Securing Internet Connections with VPNs

Virtual Private Networks (VPNs) have been mentioned in the news many times lately. It was first revealed that Apple had removed VPNs from the App Store in China, and then it turned out that VPNs were actually useful to safeguard against the Wi-Fi vulnerability known as Krack.

Although there is often publicity, many people don’t actually know what VPNs are and how to use them. The name might, in fact, sound abstract and strange to average consumers. Using a VPN is however actually very simple. Let’s explore why this software is essential to safeguard your digital life and take a quick look at what is actually does.

How VPNs Work

When the internet is accessed without using a VPN, the computer connection is totally unprotected and open, and your ISP (Internet Service Provider) can see exactly which content is being accessed. This includes games, torrents, and streaming sites. When the connection is however made via a VPN, the VPN performs as a go-between between the web and your computer.

The communication flows as follows: your computer sends requests to the VPN server, and the VPN then forwards these requests to the servers where the required content resides. For any responses from the content servers, the process is executed in reverse. Your ISP will however only see that you access the VPN as it is between you and the content. It will therefore not be able to see your internet activity. VPNs offer protection in two other ways: by giving you a new IP address, thus hiding your real IP, and by encrypting your internet traffic.

Using a VPN on a phone for security

Encryption Basics

On the most basic level, encryption can be described as making data unreadable to third-parties by using advanced mathematics. This will make the data look like rubbish to anyone other than you and your VPN. A VPN actually hides internet traffic not only from ISPs but also from anyone that uses the same Wi-Fi networks that you do. That means that VPNs are indispensable tools for public Wi-Fi in places like libraries and cafes.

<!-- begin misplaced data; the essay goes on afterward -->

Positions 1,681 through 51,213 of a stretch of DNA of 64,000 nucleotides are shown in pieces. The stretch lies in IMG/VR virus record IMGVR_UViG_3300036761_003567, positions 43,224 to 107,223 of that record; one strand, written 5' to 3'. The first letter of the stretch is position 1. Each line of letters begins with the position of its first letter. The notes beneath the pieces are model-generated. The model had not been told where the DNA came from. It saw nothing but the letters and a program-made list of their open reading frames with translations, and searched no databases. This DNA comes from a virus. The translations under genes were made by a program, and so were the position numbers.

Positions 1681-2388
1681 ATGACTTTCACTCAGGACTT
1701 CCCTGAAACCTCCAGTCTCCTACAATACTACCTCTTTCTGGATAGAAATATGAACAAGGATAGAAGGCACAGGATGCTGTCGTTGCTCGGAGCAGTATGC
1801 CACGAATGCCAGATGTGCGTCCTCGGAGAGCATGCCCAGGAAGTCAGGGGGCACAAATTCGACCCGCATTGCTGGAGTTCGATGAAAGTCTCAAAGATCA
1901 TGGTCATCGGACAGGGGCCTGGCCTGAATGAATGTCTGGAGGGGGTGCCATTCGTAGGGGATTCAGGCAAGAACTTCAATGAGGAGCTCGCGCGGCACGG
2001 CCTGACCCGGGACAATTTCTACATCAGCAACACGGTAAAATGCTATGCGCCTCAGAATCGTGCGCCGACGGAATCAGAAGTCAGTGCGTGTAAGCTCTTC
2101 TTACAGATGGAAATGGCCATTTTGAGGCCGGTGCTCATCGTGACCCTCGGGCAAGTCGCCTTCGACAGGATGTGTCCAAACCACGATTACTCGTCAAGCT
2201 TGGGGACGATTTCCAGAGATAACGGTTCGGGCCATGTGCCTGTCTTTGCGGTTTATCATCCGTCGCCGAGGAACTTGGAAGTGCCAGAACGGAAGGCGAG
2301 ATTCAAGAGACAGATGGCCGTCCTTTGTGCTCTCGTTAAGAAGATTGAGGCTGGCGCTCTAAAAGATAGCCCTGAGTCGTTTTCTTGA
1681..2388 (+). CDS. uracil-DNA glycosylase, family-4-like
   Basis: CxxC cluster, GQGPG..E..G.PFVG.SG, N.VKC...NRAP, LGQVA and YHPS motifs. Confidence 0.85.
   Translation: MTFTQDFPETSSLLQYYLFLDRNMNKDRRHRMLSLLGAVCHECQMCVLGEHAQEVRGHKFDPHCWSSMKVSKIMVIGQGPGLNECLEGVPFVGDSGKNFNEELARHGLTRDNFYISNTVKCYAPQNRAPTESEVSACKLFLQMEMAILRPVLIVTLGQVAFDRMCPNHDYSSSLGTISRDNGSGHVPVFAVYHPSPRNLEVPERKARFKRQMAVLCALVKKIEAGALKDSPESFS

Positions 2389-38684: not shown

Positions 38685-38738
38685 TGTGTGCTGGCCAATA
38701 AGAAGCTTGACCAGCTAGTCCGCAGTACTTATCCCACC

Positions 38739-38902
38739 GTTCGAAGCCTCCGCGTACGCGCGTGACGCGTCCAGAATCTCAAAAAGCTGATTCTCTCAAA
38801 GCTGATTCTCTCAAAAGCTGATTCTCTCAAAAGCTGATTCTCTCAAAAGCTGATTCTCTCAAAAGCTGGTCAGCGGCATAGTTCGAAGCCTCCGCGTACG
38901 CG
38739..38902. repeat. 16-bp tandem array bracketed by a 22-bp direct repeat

The Importance of IP Addresses

VPNs furnish you with a new IP address. Not only does this safeguard your anonymity, but it also increases the volume of content you’ll be able to access. An IP address is used to let internet servers know where they should send content and information requested. As a VPN supplies a new IP address, websites will only know the VPN’s IP, and not the one belonging to the computer.

Many content providers such as BBC iPlayer and Netflix use an IP address to determine whether or not to block access to content that is limited to specific locations. If a VPN server in a different country is however used, a foreign IP address is allocated and this unlocks vast amounts of media you may not have had access to previously.

Proxies vs. VPNs

If you know what proxies are, or have ever used one, all of the above may sound very familiar. Proxies are often used to browse the internet. The main difference between VPNs and proxies is however that VPNs hides all internet activity, including games and torrent clients, while proxies only mask traffic that goes via a web browser. This means that if you’re looking for total online encryption and privacy, a VPN is definitely the right choice.

How to Select a VPN

Now that you understand what a VPN can do for you, you may be ready to get one for yourself. To help you choose which VPN service is best suited for your unique needs and requirements, we discuss three questions that may help you decide.

Does the VPN Have the Locations You Want

If one of your requirements is that you want to access geo-blocked content from a specific country, you need to make sure that the service provider you select has a server location available in that country. Some of the bigger VPNs have server locations in nearly 100 countries. This means you should have enough choices available to find the one that’s right for you.

World map of a VPN's server locations

Are VPN Protocols Important

VPN protocols determine how data is sent and received between the VPN server and your devices. Although PPTP is the fastest VPN protocol available, it is also the least secure. On the other end of the scale, OpenVPN is likely the most secure, but it might not work on all your devices. Good VPN providers have several protocols available, and this should allow you to select the one that meets your requirements.

Is a VPN Suitable for All Devices

The bigger VPN services are able to provide you with a working solution wherever you go. If you are on the road, the VPN needs to support your tablet or smartphone. If you’re working or connecting from home, the VPN requires to be running from your network router, laptop or desktop computer. When you investigate which platforms a VPN service provides supports, make sure you understand the provider’s device usage policy and find out if you will be able to access the VPN from multiple devices at the same time.

Although these basic points are essential, VPN providers typically offer a whole host of different features. Although the various options and fancy features like proprietary security protocols are good to have, the most important thing at the end of the day is trust.

As you are handing the VPN provider with the keys to your privacy, you should first make very sure they have the reputation and track-record to live up to that responsibility.